February 20, 2009 By Wayne Hanson
"The current 9-1-1 system, while working well today, is approaching the end of its useful life," says the executive summary, citing "convoluted systems" that "deliver 9-1-1 calls and location data for landline voice, landline teletype/telecommunications device for the deaf (TTY/TDD), wireless/cellular voice, and VoIP 9-1-1 to the Public Safety Answering Point (PSAP)." In addition new technologies require substantial system modification.
The master plan, continues the executive summary, will help communicate the vision of the next-generation 911 system and "charts the course of CSEC initiatives and activities on this extensive, multi-year effort to ensure successful transition."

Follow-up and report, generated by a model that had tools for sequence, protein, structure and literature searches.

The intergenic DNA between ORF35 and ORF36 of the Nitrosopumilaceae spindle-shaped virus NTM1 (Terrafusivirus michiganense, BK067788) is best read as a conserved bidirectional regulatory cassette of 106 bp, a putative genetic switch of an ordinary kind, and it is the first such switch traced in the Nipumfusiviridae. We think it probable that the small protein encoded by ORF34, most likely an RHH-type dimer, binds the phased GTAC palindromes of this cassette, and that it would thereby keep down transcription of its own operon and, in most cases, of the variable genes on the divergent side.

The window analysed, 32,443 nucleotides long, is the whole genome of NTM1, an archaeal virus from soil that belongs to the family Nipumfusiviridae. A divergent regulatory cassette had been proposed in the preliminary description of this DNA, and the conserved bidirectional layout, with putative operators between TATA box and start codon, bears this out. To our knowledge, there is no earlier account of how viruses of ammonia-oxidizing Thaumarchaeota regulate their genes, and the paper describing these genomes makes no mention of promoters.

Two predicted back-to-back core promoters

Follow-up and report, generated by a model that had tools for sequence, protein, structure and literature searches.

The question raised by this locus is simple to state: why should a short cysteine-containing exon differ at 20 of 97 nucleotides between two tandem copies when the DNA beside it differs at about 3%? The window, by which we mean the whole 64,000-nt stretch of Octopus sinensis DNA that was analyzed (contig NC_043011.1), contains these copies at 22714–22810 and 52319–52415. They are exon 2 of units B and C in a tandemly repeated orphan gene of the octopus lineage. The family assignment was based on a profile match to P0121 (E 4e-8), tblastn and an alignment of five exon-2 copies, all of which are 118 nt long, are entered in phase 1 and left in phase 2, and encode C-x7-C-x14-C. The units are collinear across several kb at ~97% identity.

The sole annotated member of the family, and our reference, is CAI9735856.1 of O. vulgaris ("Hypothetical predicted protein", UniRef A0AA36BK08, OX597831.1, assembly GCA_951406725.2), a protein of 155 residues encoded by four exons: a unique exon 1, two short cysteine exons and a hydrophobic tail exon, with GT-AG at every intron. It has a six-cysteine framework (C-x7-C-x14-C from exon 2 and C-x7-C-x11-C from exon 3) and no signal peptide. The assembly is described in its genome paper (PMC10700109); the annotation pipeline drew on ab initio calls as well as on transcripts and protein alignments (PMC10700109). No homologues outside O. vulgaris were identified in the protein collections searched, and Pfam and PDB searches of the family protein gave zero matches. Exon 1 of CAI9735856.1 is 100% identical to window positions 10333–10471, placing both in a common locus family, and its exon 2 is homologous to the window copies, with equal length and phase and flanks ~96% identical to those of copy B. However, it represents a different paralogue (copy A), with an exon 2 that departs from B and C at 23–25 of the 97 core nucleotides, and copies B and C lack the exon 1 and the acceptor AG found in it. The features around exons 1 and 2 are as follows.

The transition begins with buildout of IP networks to and between PSAPs, followed by the implementation of the applications that provide next generation functionality. The roles and responsibilities of 9-1-1 stakeholders from PSAPs to state government will likely evolve as NG9-1-1 matures. The new system will require considerable investment, planning and cooperation, continues the document. "The opportunity lies in the ability to enhance a vital public safety service and increase efficiency. The challenge will be to marshal the resources required to effect the change."
All over the country, community leaders are looking to boost economic development through various initiatives. One key element in many of those initiatives is the use of information technology. When local governments build IT infrastructure, create e-government applications, assist high-tech startups or otherwise focus on technology, they create conditions that draw businesses to their communities and help retain skilled workers. This paper discusses and provides examples of these various ways local government can use technology to ultimately make a community more attractive to businesses, visitors and residents.